Magnetic resonance imaging (MRI)
MRI experiments in the Adolphs Lab are performed at the California Brain Imaging Center (CBIC). The CBIC a core facility operated by the Caltech Division of Humanities and Social Sciences in association with the Caltech Division of Biology and Biological Engineering. Adolphs Lab studies are conducted using a Siemens TIM-Trio 3 Tesla MR scanner with 12 channel and 32 channel phased array-headcoils. The facility is equipped to collect behavioral and physiological measures during the MRI scans, including eye-movements, 3D motion, galvanic skin response, pulse oximetry, respirations and EEG. The CBIC also provides access to a 0-Tesla Pre-training room, EEG/TMS Lab, olfaction stimulus hardware, and on site coil-building / electronic lab. A staff physicist (J. Michael Tyszka) oversees all imaging research.
This picture at the left is of a study in an MRI machine. The same machine is used to record both structural and functional information.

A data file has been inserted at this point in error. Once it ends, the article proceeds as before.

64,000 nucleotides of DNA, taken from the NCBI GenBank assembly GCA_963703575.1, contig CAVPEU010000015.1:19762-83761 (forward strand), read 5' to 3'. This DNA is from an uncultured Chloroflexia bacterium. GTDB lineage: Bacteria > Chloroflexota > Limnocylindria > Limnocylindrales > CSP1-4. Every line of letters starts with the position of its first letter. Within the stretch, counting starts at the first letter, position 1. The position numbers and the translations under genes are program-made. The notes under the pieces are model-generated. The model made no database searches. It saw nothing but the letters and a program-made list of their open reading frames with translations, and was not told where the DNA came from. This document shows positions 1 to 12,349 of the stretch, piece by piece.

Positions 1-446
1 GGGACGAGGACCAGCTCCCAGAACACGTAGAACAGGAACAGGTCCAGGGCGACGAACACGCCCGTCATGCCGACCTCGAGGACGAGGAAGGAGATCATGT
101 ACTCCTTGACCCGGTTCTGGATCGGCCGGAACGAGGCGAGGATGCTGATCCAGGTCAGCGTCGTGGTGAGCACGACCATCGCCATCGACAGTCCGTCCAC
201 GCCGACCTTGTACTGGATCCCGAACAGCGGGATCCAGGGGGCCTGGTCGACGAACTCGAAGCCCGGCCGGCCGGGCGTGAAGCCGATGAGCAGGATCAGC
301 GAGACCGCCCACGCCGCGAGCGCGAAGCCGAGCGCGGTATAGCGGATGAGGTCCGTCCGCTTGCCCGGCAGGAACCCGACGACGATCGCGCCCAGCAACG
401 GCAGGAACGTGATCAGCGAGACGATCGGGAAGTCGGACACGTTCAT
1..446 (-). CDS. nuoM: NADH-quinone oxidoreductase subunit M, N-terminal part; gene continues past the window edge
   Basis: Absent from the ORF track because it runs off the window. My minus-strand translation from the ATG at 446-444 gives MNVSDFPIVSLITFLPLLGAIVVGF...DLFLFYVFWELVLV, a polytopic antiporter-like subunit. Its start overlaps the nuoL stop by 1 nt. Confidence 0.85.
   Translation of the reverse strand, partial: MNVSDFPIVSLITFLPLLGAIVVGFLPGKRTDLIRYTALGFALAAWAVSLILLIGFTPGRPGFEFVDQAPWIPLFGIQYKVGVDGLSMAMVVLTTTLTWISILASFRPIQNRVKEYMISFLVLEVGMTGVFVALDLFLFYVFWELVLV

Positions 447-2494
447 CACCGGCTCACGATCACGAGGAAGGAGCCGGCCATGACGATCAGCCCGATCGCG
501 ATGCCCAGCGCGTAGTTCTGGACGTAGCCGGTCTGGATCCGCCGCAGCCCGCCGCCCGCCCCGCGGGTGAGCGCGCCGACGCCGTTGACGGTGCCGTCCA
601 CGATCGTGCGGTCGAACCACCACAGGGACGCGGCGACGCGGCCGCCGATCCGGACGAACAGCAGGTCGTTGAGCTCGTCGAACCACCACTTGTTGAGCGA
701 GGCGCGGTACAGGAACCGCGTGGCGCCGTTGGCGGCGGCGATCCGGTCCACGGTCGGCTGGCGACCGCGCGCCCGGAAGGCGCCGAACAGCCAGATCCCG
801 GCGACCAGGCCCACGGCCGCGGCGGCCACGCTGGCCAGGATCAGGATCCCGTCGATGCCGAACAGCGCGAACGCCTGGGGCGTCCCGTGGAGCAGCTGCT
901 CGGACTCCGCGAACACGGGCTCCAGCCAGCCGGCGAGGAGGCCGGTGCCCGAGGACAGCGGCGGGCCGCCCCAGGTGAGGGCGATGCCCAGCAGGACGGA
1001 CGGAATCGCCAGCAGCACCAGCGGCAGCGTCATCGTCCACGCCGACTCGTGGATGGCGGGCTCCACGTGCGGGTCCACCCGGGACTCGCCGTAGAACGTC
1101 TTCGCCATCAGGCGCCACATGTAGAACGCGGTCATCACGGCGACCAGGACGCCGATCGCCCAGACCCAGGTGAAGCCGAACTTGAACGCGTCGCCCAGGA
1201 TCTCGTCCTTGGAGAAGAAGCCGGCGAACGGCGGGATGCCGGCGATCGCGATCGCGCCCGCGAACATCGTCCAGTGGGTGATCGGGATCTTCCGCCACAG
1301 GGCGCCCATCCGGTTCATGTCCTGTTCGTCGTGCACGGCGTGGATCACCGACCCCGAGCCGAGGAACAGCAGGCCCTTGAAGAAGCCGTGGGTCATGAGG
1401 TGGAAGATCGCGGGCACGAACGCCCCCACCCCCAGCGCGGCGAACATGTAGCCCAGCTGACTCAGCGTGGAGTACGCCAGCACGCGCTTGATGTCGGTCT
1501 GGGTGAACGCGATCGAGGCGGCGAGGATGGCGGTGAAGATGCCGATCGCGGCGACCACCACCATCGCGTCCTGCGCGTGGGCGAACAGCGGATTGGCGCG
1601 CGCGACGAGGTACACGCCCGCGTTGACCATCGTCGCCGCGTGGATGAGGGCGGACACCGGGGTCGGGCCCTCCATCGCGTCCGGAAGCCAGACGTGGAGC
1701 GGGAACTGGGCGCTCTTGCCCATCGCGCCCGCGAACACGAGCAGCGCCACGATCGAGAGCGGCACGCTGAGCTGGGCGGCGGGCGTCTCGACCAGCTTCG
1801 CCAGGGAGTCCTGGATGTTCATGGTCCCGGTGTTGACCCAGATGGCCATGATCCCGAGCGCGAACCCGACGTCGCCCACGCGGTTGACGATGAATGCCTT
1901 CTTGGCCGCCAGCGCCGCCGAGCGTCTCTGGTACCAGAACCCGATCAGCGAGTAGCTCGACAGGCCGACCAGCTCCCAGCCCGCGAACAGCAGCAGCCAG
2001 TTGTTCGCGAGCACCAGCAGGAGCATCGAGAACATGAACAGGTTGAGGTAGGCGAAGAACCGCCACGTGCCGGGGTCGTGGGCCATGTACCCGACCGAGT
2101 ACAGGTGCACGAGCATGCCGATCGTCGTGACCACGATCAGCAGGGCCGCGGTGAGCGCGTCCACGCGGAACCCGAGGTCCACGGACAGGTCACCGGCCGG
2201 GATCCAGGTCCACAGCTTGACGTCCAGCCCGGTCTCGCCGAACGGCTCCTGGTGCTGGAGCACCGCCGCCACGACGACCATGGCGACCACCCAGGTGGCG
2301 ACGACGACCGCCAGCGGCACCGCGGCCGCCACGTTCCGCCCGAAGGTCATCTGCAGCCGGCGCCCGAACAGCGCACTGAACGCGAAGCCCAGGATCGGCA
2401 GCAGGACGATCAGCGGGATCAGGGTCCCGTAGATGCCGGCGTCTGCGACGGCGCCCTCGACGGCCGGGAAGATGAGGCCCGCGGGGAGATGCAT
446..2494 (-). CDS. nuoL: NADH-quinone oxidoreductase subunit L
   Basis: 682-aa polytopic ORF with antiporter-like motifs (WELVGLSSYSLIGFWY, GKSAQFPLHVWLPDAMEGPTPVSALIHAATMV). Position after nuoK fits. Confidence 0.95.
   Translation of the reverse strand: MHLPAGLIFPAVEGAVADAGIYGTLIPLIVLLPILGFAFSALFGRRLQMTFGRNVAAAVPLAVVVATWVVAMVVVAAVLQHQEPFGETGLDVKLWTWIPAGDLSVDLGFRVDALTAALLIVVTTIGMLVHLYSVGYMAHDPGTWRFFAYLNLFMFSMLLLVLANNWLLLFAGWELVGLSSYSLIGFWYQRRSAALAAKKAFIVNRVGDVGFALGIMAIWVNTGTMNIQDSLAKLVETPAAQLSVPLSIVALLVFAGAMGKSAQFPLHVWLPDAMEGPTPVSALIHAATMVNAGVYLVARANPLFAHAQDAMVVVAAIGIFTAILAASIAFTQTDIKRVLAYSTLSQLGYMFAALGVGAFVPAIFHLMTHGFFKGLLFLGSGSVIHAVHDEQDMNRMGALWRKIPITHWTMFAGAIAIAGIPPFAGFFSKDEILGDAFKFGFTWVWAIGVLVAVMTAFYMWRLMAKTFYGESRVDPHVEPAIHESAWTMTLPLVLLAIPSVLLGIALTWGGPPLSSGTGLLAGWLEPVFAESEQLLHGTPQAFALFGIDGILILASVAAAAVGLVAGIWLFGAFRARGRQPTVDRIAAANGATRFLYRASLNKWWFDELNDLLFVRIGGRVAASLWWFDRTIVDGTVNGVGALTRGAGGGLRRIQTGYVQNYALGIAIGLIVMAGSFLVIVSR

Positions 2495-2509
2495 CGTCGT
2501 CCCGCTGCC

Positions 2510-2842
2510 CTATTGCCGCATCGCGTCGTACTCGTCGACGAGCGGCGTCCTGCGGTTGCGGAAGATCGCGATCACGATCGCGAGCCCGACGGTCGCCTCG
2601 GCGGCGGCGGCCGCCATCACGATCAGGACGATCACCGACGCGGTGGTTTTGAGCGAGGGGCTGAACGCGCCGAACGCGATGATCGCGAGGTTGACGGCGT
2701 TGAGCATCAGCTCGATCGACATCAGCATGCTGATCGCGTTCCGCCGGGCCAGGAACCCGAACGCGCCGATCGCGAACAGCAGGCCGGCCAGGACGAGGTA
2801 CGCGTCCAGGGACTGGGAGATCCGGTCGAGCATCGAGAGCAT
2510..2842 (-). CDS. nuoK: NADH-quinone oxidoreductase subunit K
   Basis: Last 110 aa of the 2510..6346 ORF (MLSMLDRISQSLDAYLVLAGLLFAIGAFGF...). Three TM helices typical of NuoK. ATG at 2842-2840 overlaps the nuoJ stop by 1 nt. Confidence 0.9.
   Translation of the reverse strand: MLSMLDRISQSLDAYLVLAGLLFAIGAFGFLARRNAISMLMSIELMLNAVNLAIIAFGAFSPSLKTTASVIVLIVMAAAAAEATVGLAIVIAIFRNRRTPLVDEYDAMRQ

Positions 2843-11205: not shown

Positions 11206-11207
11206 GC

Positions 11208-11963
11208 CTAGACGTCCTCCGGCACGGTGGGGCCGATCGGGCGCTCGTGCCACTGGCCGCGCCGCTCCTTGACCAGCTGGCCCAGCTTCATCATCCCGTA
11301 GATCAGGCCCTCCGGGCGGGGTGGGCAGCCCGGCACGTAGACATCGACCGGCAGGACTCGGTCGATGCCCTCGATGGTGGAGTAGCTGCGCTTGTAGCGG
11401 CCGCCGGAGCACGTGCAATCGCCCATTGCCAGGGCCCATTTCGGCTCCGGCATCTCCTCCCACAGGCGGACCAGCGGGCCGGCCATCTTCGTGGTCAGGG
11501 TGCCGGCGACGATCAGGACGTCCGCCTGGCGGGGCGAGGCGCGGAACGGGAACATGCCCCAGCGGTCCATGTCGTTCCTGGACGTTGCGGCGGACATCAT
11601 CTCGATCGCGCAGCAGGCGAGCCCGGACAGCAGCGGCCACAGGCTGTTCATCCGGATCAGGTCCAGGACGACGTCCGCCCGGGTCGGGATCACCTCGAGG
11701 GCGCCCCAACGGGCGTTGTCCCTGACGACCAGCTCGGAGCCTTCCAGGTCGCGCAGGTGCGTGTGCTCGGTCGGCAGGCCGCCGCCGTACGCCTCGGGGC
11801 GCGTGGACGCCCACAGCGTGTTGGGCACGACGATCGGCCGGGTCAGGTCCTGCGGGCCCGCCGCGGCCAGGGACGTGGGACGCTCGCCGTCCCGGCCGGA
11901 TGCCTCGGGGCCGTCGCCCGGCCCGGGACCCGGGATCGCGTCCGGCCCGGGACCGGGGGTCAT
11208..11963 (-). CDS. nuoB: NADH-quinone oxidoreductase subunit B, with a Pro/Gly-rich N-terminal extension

- Structural MRI gives us structural information about brains — how large certain regions are, and what their overall shape is.
- Functional MRI allows us to see how active brain regions are during specific tasks and can help us understand cognition, emotion, and behavior.
- Neural connectivity modeling integrates functional magnetic resonance imaging and diffusion magnetic resonance imaging to examine long-range cortical and subcortical connections between functional brain regions.
The images to the right show examples of how different parts of the brain, shown here in cross section, are connected. The blue fibers are connections.
By scanning the structure and function of the brain, we are able to obtain important information about social functioning. A participant typically lies in the scanner for about one hour during the experiment. There is no radiation or drugs involved. However, you cannot participate if you have a pacemaker or metallic implants in your body.
For behavioral experiments conducted independent of MRI, the Adolphs Lab uses a Tobii Eye-tracking system. Eye-tracking technology enables researchers to record exactly where people’s eyes are focused when looking at pictures on a computer. When interacting with another person, we can also measure fixations made on that person’s face.
Psychophysiological measurements such as heart rate and respiration are recorded using a Biopac hardware.
None of these measures are invasive– you don’t feel the eyetracking at all, and the psychophysiology feels like wearing a band-aid.